ePirates of the Caribbean

Unless you are Apple or Amazon and want a captive market, DRM (Digital Rights Management) is useless. In fact they are chasing a lost cause because:

DRM is easily removed and therefore pointless, costly and a barrier to sale.
DRM does not stop piracy, it is restrictive and therefore it promotes piracy. Read more »

Tools of Change 2010: where the buzz is

I have been at Tools of Change Frankfurt since 8.30 this morning, and these are my initial thoughts towards the end of the day. Read more »

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'A Bright Future for Publishing': George Lossius speaks to The Bookseller

The Bookseller's Tom Tivnan speaks to George Lossius, CEO of Publishing Technology.

"Digital is not the demise of publishing," George Lossius says. "There is a really bright future for the publishing industry if they embrace it and have the right infrastructure in place." Read more »

Testing for the future

Last week design and innovation consultancy IDEO released their thoughts on the Future of the Book  in a neatly executed video. The industry response was mixed – ranging from ‘seen it all before' to ‘wow, how clever'. Read more »

View From The Crow's Nest

Andrew Robinson is leader of the Pirate Party UK, and therefore a notional arch-nemesis of the UK electronic publishing industry. I wanted to know more about his ideas and the drives behind them, so I read the manifesto and wrote to him, and he kindly consented to do an email interview. Read more »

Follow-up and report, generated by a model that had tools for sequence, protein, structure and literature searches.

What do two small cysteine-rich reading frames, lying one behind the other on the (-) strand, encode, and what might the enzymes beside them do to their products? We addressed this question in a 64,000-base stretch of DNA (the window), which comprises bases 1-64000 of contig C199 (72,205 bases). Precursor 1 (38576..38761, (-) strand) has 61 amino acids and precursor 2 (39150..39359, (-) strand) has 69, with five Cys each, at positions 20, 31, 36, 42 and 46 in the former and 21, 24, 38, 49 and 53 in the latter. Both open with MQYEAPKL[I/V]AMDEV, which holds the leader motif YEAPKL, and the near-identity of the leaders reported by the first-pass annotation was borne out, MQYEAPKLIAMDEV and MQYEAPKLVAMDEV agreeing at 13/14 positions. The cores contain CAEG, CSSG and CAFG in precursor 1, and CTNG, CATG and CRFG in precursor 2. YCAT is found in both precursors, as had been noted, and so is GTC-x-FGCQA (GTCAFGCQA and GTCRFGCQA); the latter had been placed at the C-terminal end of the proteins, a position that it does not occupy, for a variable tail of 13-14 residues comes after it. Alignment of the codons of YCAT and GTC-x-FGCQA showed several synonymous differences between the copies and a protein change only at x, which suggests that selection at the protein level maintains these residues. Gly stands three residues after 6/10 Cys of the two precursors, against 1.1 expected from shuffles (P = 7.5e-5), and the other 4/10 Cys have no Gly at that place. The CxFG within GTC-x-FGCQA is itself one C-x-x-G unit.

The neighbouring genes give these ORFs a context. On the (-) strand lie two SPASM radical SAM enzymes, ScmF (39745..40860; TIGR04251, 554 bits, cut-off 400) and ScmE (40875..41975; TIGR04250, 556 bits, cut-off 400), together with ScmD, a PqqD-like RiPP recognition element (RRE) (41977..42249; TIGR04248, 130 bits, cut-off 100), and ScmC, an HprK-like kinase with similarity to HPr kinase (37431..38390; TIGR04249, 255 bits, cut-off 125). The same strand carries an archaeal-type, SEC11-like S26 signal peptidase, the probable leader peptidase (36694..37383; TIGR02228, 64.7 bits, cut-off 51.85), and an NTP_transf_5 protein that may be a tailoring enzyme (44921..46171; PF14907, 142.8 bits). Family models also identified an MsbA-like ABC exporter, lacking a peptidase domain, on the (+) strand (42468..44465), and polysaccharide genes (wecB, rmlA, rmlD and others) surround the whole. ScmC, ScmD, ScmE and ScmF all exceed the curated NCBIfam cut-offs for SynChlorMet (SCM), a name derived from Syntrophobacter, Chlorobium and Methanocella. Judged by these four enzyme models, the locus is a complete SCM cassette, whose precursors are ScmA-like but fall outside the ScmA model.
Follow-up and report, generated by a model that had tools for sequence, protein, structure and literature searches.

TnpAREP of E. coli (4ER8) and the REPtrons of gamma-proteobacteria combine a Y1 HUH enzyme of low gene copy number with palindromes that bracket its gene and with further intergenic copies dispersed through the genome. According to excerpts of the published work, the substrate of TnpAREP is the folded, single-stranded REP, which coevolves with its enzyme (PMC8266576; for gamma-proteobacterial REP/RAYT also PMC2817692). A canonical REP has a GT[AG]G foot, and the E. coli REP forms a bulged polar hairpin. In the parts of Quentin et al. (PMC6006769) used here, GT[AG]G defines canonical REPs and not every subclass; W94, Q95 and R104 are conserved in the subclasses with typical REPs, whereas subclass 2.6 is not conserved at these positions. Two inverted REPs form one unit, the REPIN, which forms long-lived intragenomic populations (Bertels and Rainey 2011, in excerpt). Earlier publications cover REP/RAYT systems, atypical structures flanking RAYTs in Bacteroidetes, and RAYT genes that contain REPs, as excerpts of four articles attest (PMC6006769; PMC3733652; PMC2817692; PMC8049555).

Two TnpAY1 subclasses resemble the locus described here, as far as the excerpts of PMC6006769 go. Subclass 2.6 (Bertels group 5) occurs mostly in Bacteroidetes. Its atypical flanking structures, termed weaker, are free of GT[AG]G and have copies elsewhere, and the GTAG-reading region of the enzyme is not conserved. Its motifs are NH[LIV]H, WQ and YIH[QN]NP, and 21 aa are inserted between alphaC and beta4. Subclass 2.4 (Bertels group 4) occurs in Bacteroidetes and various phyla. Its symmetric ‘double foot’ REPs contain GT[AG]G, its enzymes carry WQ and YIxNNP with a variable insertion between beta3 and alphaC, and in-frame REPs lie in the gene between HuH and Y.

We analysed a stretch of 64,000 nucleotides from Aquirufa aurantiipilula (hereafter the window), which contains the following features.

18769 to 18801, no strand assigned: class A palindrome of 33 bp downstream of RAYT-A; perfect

We'll all lose money. And then we'll learn

Last week, Kindle content head David Naggar appeared on a panel alongside Macmillan chief executive John Sargent, Google's Roland Lange, and long-time Writers House agent Simon Lipskar, to discuss – what else? – "the future of the book."

The event was organized by William Morris-Endeavor agent Eric Simonoff for the Graduate Center of the City University of New York.

"What happens when the physical bookstore experience disappears?" Simonoff enquired. Read more »

The E Book Market is Getting Pretty Crowded

 

Another heavy hitter joins the e book party; today Sharpe The Japan's largest maker of liquid-crystal displays announced its intention to launch an e book site in December.  Read more »

Twitpocalypse avoided

Let's be in no doubt that the funniest moment this week in publishing was watching Bloomsbury's sales and marketing video—"Don't Stop Believin'"—and then watching my colleagues watching it. But I'm amazed by the hyperventilating it caused among some folk on Twitter, who gathered around the hastag bloomsburyglee to laugh and frown in 140 characters. Read more »

Case Study: Lonely Planet's augmented reality guides

Kelly Brough, Global Director of Digital at Lonely Planet talks us through their augmented reality Compass Guides: Lonely Planet has a long history of helping travellers through new technology. Right from the start of the web, our Thorn Tree community offered travellers a place to meet and swap information, and you’ll still find more detailed advice on pretty much anywhere in the world quicker here than anywhere else. Read more »

Ebook reading comes of age in India 

Delhi recently saw the launch of a new reading device which could well be the one which makes the switch of reading habits in India to electronic format. The Wink, developed by EC Media is the brainchild of Ravi DeeCee a well known publisher based out of Kerala, India (DC Books) and has many similarities to that of the Kindle. There are a couple of versions coming on to the market ranging in price from INR 6,999 to INR 13,499 – the current model retails at INR 11,490 (£160). Read more »

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